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Solutions to Make Your Fonts/Layouts Browser Compatible

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Solutions to Make Your Fonts/Layouts Browser Compatible

It is quite obvious that webmasters & web designers often use CSS to style their fonts – be it the post titles or the ones on the header. As far as I know, majority of the browsers including IE support CSS3 @font-face but, what happens if some unknown browser does not do the same???  Simple! You’ll end up in a complete mess of your layout. So, in this article, I’ll explain about the common issues that arise on using custom fonts, not picking up the right fallback fonts and obviously, a solution to solve the above two problems as well.

To illustrate the layout issues, let’s consider two fonts namely, Courier (web safe font) and Mistral (custom font) at 24pt with normal case.

layout issues

From the screen shot above, it is clear that the standard font (Courier) occupies twice the width of the custom font (Mistral). Why because, different fonts have different weights, letter spacing, height, width and so on… Thus, it becomes the responsibility of the user to add fallback fonts when they intend to use custom fonts on their design. Take a look at the picture below to better understand about fall back fonts.

fallback fonts

I hope you got a better idea about fallback fonts. Well, it isn’t enough if you just include a web safe font as your fallback font. You need to select a proper one to ensure a safe layout. For example, if you choose Clarendon as your custom font, the best match on web safe font is Georgia.best match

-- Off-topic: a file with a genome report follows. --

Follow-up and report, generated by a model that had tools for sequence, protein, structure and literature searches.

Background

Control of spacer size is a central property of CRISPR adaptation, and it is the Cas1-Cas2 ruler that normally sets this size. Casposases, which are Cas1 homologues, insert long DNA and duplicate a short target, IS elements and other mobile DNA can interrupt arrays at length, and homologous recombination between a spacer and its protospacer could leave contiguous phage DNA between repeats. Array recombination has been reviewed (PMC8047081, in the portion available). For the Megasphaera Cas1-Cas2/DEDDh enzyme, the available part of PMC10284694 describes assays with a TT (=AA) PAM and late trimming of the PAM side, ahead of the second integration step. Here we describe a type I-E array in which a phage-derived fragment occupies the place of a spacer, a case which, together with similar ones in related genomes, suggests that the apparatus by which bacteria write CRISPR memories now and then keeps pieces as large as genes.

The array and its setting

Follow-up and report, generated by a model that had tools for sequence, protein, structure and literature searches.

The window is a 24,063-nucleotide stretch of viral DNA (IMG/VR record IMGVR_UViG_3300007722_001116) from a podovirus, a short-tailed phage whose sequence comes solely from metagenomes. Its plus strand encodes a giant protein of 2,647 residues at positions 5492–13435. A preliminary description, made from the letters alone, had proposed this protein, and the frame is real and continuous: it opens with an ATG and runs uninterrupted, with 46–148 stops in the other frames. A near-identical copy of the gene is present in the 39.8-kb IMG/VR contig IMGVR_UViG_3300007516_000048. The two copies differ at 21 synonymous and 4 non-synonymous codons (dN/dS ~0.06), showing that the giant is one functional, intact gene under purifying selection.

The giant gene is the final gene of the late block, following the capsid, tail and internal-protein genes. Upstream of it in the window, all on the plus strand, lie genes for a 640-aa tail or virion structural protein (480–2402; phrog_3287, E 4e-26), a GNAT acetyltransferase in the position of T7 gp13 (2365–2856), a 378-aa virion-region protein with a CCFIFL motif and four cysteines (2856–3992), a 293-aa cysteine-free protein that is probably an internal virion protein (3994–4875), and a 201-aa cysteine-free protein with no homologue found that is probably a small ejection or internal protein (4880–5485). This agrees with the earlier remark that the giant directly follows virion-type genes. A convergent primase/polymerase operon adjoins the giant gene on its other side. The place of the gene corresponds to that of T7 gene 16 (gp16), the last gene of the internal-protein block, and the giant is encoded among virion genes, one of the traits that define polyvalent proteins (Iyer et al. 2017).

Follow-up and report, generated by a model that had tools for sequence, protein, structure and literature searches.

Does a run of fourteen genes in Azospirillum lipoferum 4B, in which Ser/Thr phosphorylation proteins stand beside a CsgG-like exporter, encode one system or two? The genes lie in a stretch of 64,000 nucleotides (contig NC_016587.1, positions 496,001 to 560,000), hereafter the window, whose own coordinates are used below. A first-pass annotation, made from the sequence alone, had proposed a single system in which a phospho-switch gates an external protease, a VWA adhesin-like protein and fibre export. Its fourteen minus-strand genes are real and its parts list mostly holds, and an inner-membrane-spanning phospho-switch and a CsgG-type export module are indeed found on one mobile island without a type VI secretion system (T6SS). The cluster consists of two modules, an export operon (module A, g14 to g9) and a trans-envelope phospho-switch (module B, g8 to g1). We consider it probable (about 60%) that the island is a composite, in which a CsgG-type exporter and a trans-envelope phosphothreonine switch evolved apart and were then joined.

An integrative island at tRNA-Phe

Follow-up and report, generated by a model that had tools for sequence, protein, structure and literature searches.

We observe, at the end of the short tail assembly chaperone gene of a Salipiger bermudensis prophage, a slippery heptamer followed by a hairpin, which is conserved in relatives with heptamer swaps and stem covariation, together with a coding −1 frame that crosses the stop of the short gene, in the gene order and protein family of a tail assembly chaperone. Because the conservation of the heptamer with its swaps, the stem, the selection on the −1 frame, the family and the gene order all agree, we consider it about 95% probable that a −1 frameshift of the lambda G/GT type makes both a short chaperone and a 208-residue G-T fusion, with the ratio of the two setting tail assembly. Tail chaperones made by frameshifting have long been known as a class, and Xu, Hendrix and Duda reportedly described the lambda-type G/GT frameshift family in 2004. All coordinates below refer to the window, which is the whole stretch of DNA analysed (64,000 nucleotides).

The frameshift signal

SOLUTION 1: Use web safe fonts as fallback – select the one that best fits your custom font.

What if you already run a website on a custom font and you don’t want to upset your readers by changing the same. Well, I’ve a solution for the same! There’s a JavaScript called as Modernizr which will solve your problem. The script detects the CSS3 features supported by the browser and suitably adds a class on the <html> tag which depends on what the browser supports and what it does not.

To get this stuff working on your template, just download the script from their website – Modernizr. Make sure you tick the first check box in the option that says “@font-face” if you wish to solve only the font-face layout issue. Download the same and add the script  just before </head> in your template – be it blogger or WP. It should look similar to the one shown below.

<script src="http://www.abc.com/modernizr.js"></script>
</head>

I’ll illustrate the usage of the above script with the h1 element on your template/theme. Let’s assume that your initial <h1> tag has the following CSS defined.

h1 {
 font-family: font-family:"Nimbus Roman No9 L",Georgia,serif;
 font-weight: bold;
 font-size: 24px;
 letter-spacing: 1px;
 text-transform: none;
}

When you make use of the Modernizr script, all you need to do is, simply add/define another CSS  for your dynamically generated no-fontface class as shown below. The same shall be repeated for the other elements on your template/theme.

.no-fontface h1 {
 font-family: font-family:"Georgia",Times New Roman,serif;
 font-weight: bold;
 font-size: 24px;
 letter-spacing: 1px;
 text-transform: none;
}

SOLUTION 2: Use Modernizr – Don’t forget to define the CSS for your dynamically generated classes using the same.

I’ve just shared my knowledge of making fonts/layouts browser compatible. I’m sure there are many web design geeks out there who can achieve the same in a different manner. So, I’m open to suggestions. Please share them via comments.

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Article by Mukund

Mukund has written 29 articles.

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